Multi-hyphenate Livia De Paolis’ directorial debut, Emoticon 😉 (yep, smiley face included), which played Dances With Films last year, opens this week in New York and Los Angeles, via Indican Pictures. For a reset of my previous review, click here; for more information on the film in general, click here to visit its website.
It’s easy to grasp the appeal of a movie like The Grand Seduction from the point-of-view of Taylor Kitsch, and/or his agent. After a well received stint on the popular television version of Friday Night Lights, Kitsch was Hollywood-minted as the Next Big Thing, and cast in a string of high-profile studio projects. Then he watched as his two big screen leading man introductions, John Carter and Battleship, were each delivered stillborn within a couple months of one another. Critically derided, they were two of 2012’s biggest domestic box office flops — a fact that surely made it easier to hand the role of Gambit, a character Kitsch portrayed in X-Men Origins: Wolverine, to Channing Tatum for a stand-alone spin-off movie that will be produced later this year.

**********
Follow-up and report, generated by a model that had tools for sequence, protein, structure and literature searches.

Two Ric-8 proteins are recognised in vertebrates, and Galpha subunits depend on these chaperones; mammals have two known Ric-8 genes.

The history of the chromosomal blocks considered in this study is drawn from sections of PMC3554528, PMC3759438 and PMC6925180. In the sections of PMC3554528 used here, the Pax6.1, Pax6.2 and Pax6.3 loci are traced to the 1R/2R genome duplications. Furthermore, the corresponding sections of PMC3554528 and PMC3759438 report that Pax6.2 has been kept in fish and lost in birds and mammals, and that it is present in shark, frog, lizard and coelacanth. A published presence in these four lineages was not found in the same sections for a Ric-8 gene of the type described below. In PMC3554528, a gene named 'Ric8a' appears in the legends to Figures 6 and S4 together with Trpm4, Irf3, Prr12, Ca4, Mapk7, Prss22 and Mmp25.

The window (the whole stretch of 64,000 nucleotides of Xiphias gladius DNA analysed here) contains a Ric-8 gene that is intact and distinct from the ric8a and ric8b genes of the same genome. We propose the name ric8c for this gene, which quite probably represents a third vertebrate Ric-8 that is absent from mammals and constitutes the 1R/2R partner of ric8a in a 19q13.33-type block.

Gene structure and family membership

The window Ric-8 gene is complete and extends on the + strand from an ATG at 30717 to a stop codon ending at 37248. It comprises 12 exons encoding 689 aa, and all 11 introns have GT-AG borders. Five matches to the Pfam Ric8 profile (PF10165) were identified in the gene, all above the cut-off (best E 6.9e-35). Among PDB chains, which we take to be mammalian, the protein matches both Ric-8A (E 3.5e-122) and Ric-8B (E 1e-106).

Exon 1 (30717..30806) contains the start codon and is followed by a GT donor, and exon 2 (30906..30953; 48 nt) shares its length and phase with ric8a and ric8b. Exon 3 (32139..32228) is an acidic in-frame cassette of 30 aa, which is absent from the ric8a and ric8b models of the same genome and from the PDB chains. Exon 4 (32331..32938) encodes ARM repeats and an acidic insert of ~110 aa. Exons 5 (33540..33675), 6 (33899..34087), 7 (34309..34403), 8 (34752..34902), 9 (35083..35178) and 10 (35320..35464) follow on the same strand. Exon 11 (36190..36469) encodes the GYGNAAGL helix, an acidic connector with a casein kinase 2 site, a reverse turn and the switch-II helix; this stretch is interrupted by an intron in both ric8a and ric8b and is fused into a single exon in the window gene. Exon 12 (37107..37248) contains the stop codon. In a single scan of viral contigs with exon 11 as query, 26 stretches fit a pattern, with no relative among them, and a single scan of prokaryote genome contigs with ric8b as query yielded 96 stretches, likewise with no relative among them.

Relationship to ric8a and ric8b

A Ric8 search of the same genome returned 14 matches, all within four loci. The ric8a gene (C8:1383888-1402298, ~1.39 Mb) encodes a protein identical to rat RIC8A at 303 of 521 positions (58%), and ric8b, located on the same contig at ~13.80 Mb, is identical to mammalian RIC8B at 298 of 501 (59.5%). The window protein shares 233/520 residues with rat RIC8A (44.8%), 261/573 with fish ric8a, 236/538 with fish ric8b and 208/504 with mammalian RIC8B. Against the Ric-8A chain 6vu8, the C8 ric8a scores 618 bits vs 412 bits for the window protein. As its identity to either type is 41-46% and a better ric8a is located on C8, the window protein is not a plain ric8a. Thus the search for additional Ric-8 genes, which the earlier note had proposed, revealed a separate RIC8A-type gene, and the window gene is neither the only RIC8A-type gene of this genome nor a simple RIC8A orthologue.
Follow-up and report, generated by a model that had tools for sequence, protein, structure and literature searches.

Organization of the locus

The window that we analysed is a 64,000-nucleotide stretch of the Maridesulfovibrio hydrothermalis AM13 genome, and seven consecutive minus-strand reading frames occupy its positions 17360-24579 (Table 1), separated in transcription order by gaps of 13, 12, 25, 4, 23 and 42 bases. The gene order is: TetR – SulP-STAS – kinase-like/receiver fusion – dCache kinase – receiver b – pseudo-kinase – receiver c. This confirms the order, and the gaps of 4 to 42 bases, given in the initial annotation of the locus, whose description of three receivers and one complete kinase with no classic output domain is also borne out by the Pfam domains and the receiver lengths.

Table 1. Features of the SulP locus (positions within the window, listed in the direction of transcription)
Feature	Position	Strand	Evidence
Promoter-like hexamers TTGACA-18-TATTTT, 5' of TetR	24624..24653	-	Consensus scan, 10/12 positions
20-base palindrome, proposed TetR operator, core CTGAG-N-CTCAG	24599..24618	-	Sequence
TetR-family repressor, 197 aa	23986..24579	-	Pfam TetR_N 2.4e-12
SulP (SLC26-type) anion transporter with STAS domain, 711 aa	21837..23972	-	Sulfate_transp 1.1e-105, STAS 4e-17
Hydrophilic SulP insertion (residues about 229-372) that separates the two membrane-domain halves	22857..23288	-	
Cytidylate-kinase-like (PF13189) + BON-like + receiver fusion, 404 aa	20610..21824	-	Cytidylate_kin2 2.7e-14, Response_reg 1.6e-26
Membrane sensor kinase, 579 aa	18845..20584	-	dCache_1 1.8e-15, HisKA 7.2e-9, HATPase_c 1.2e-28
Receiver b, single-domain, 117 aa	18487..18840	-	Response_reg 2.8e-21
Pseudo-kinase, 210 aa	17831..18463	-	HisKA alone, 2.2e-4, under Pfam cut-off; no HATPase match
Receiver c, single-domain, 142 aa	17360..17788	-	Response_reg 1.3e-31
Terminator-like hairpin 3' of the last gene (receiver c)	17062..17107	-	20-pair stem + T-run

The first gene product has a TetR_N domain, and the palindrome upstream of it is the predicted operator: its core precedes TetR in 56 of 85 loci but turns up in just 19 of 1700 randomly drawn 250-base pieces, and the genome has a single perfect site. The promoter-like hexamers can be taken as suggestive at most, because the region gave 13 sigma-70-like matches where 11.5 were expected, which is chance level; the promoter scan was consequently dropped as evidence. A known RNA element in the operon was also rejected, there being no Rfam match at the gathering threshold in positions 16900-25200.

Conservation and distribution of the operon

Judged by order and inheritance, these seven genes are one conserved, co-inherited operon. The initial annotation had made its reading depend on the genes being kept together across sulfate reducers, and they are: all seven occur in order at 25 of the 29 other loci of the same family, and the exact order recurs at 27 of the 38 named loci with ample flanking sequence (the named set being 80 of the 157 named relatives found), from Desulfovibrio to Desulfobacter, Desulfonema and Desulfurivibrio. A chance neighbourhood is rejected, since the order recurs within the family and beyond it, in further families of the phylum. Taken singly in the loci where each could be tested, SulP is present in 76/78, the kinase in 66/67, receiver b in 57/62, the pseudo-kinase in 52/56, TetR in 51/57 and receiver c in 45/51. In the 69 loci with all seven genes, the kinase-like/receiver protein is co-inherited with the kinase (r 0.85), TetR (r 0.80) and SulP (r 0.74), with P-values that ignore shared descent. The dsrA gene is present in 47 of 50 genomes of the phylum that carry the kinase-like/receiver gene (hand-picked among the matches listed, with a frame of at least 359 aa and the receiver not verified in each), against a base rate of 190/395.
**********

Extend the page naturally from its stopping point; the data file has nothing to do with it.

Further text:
So The Grand Seduction sort of represents Kitsch’s Kwai-Chang-Caine/wandering-the-Earth phase, if you will — it was the first film he shot in the wake of the fallout of those aforementioned bombs, prior to reteaming with Peter Berg for Lone Survivor. And it’s an odd, twee, character-based slice of rah-rah community dramedy and uplift in which he doesn’t quite fit. But there’s a passably engaging subtextual layer of intrigue to help pass the time if one mentally squints and endeavors to put themselves in Kitsch’s headspace while he was filming two summers ago — playing a character banished to occupational purgatory against his will. For the full, original review, from Paste, click here. (eOne Entertainment, PG-13, 112 minutes)